Tallies from the annual Great Easter Bunny Hunt in Central Otago must have embarrassed the Otago Regional Council, as they revealed the ineffectiveness of its pest management, submitters said this week.
Rabbits were at "plague proportions and heading our way", organic farmers Robert and Jackie Aitchison, of Ettrick, told a panel in Alexandra which was hearing submissions to the council's annual plan.
"We haven't got a rabbit problem on our place, but it's heading our way," Mr Aitchison said.
"You've got the power to monitor things and enforce the rules but you've failed to do that."
Mrs Aitchison said she was "sorry we have to come here and get a little bit emotional about it but the council is not doing its part to enforce the rules."
"The Easter Bunny Hunt must be an embarrassment to the council that such large numbers have been revealed," she said.
The couple were concerned that spiralling rabbit numbers would result in poisoning being needed to control the pests. Use of that control method on a neighbouring property could affect their organic operation and the use of 1080 poison "tarnished" New Zealand's reputation overseas.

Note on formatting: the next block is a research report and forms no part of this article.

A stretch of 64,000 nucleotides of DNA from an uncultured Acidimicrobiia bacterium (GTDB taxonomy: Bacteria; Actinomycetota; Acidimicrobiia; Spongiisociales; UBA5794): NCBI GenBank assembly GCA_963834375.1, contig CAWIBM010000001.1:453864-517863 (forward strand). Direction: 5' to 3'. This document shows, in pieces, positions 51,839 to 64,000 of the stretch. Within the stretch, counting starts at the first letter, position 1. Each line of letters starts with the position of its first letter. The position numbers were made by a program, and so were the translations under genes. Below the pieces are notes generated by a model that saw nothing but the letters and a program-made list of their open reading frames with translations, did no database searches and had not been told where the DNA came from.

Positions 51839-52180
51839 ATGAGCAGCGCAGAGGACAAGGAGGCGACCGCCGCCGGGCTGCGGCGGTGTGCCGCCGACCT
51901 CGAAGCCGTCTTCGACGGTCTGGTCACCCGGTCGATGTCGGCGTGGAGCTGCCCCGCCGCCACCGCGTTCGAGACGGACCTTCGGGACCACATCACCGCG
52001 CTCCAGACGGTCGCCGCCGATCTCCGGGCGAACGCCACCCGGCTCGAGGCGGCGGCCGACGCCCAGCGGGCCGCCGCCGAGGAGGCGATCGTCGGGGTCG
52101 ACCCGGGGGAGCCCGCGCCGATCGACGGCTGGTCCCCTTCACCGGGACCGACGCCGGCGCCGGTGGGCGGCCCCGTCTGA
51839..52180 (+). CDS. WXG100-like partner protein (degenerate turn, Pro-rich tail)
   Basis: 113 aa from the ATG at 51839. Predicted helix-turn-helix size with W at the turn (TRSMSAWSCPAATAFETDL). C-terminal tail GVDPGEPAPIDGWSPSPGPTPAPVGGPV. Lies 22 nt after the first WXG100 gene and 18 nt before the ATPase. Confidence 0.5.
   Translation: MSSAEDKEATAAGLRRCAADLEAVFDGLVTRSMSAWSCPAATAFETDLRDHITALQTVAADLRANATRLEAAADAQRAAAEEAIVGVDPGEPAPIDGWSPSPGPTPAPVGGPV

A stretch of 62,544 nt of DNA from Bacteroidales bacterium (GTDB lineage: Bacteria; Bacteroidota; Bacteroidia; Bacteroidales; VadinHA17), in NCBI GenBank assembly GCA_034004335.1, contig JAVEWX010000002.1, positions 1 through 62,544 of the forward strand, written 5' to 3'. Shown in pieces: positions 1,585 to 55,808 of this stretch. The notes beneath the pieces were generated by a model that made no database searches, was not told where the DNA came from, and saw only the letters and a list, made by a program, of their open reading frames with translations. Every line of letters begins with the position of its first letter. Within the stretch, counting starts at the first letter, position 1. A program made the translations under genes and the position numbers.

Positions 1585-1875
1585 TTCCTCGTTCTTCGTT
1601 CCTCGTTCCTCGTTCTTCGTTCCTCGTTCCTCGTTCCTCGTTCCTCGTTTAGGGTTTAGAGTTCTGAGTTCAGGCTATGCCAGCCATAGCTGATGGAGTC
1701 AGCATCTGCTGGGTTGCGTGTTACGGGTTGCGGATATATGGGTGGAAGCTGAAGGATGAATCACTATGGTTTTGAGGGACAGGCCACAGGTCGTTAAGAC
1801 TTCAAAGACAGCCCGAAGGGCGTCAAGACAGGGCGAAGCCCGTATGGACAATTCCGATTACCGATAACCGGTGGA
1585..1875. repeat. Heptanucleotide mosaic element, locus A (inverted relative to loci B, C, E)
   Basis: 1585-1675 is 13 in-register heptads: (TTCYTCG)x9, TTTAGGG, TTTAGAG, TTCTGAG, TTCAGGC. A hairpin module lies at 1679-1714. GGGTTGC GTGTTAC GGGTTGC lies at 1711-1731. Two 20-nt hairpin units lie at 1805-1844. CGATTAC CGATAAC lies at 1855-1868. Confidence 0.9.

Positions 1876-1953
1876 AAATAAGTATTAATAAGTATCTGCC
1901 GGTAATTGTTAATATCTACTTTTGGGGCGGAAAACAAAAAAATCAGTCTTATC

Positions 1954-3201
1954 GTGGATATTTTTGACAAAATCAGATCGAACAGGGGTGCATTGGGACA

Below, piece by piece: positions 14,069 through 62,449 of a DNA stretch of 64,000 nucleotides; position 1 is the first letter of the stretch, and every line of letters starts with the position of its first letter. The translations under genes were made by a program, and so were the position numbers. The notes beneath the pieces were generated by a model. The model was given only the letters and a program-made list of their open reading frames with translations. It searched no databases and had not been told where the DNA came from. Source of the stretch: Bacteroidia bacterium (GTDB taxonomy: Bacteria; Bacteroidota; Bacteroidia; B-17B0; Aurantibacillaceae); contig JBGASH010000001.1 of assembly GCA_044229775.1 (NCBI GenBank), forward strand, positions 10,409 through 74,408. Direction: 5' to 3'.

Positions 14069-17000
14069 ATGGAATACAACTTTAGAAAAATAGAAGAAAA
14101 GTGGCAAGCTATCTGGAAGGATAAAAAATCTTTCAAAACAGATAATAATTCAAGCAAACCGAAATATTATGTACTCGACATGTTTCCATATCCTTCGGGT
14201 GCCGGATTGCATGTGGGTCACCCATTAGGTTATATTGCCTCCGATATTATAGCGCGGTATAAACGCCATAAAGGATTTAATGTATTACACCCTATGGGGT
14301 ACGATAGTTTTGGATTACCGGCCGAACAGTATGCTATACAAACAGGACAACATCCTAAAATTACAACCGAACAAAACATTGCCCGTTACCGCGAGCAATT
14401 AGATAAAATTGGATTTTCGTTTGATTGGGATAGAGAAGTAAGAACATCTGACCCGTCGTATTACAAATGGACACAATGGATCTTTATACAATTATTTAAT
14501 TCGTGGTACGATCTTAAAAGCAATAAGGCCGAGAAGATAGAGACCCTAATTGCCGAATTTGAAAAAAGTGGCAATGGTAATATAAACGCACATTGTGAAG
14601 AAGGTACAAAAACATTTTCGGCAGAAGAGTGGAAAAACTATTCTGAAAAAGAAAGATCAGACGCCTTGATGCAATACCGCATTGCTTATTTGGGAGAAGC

If rabbit numbers were kept under control there would be no need for poisoning, which threatened sales to overseas markets the Aitchisons had built up over 30 years, they said.
"Numbers [of rabbits] have got away to such an extent that we feel betrayed," Mr Aitchison said.
Chairman of the hearing panel Cr David Shepherd said he would raise the Aitchisons' concerns with council staff.
Mr Aitchison said he was not against the use of 1080 but believed it should be followed up with a control programme. Council chairman Cr Stephen Woodhead agreed landowners should be responsible for following up poisoning operations.
The panel will hear from more submitters today in Dunedin.